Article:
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Norma Sklarek, FAIA: A Litany of Firsts that Defined a Career, and a Legacy
By Layla Bellows
Norma Sklarek, FAIA, died Feb. 6, after pioneering a career that saw her become a leading designer in her own right, and an influential mentor to other minority and women architects who followed in her trailblazing footsteps. The cause was heart failure. She was 85.
Sklarek’s name is associated with a litany of firsts including the first African-American woman to become a member of the AIA (1959) and the first African-American woman to become a Fellow of the AIA (1980). She was called the “Rosa Parks of architecture” by AIA Board Member Anthony Costello, FAIA, when she was honored with the 2008 Whitney M. Young Jr. Award. Former AIA President Marshall Purnell, FAIA, credited her with making possible his career as well as the careers of many women and minority architects.
Tenacity and talent
That backbone, intellect, and talent underpinned a career marked by overcoming both explicit and implicit racism and sexism. “All of us, and certainly Norma, carry the scars of opportunities that were closed when clients made assumptions that were unwarranted, but if you let that stop you, none of us would have survived at all, and Norma certainly wouldn’t have,” Diamond says. “She simply made up her mind to look at the good side of things and find a way around it. If one door wasn’t opened, she was going to open another one. And she did that consistently all the way down the line.”
Sklarek hired Michael Enomoto, FAIA, at Gruen in 1973, and today he is a partner. “When she was working at Gruen, we didn't spend a lot of time talking about the social injustices of life,” says Enomoto, President of the AIA California Council. “She didn’t spend time moaning and groaning. We just worked hard, we did good architecture.”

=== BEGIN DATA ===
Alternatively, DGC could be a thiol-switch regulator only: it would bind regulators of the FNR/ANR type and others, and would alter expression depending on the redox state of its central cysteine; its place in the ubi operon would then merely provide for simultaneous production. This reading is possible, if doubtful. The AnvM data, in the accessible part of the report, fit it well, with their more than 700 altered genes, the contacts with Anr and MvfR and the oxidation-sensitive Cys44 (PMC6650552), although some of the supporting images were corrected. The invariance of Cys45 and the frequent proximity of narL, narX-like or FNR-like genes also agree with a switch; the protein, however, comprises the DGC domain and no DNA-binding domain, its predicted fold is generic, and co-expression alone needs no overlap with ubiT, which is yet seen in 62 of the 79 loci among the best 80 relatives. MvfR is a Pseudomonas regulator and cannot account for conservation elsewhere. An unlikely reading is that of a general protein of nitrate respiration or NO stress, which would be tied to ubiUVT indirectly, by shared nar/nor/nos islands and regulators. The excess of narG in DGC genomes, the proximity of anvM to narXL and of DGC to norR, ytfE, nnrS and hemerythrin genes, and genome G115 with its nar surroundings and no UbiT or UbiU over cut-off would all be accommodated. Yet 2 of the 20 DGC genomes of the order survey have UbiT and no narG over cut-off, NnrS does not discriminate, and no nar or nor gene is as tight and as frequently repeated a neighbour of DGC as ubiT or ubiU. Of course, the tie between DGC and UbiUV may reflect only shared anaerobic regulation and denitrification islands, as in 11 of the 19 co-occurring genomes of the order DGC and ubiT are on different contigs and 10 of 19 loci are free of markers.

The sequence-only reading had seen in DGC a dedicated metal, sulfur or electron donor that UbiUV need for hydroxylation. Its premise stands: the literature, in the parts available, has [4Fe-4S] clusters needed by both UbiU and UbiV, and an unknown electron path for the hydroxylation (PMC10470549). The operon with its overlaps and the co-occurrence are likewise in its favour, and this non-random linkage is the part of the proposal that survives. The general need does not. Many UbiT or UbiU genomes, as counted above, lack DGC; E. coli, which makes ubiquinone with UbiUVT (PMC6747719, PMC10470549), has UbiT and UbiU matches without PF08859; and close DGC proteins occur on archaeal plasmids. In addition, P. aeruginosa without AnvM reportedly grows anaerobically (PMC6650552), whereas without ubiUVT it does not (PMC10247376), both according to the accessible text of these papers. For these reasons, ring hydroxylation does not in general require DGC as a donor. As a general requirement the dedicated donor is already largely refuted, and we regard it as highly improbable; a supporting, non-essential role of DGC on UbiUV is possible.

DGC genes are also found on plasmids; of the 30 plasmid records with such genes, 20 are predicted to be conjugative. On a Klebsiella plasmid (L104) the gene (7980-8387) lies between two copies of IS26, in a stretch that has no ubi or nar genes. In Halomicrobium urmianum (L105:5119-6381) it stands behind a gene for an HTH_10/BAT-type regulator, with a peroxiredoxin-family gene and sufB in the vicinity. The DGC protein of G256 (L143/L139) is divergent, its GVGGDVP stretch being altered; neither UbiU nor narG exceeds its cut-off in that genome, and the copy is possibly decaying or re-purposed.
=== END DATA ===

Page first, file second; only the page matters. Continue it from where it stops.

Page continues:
For a generation of minority and women architects, Sklarek served as a symbol of what could be, and was a stalwart mentor to those she knew.
“For Norma to be leading the entire department of a major architectural practice and doing truly high-visibility, cutting-edge work was something that we all looked to, and we all took pleasure from,” Diamond says. “She was teaching, she was engaged, and she was available to young architects, particularly to women and minority architects.”
Sometimes her mentorship was subtle, often not recognized by those she worked with until many years later. “On her last day at Gruen, she took me aside and said ‘Don’t let them get you down.’ I didn't understand what she meant, I just kind of said ‘fine.’ It was only many years later that I understood she meant ‘Don’t let the obstacles placed in front of minorities prevent you from getting ahead,’” says Enomoto, who is Asian-American.
Widom and others note that things are different today. Two partners who followed Widom at his firm are women. Enomoto says Gruen’s staff is 49 percent female and 60 percent minority, something he says is certainly a legacy of Sklarek. Diamond notes that there is a smattering of female design principals in major multinational firms today, but that it is still not easy. “I like to think we broke the glass ceiling, but there is still what a friend of mine calls a maze,” she says.
Diamond (now a principal at HMC Architects) says the key for Sklarek being able to break through these barriers was using wit to navigate social politics and get ahead. “She didn't overcome these things by fighting them,” Diamond says. “She would charm them and then she would deliver. It’s that combination that I think helped her overcome amazing obstacles.”
Visit the AIA’s Diversity and Inclusion website.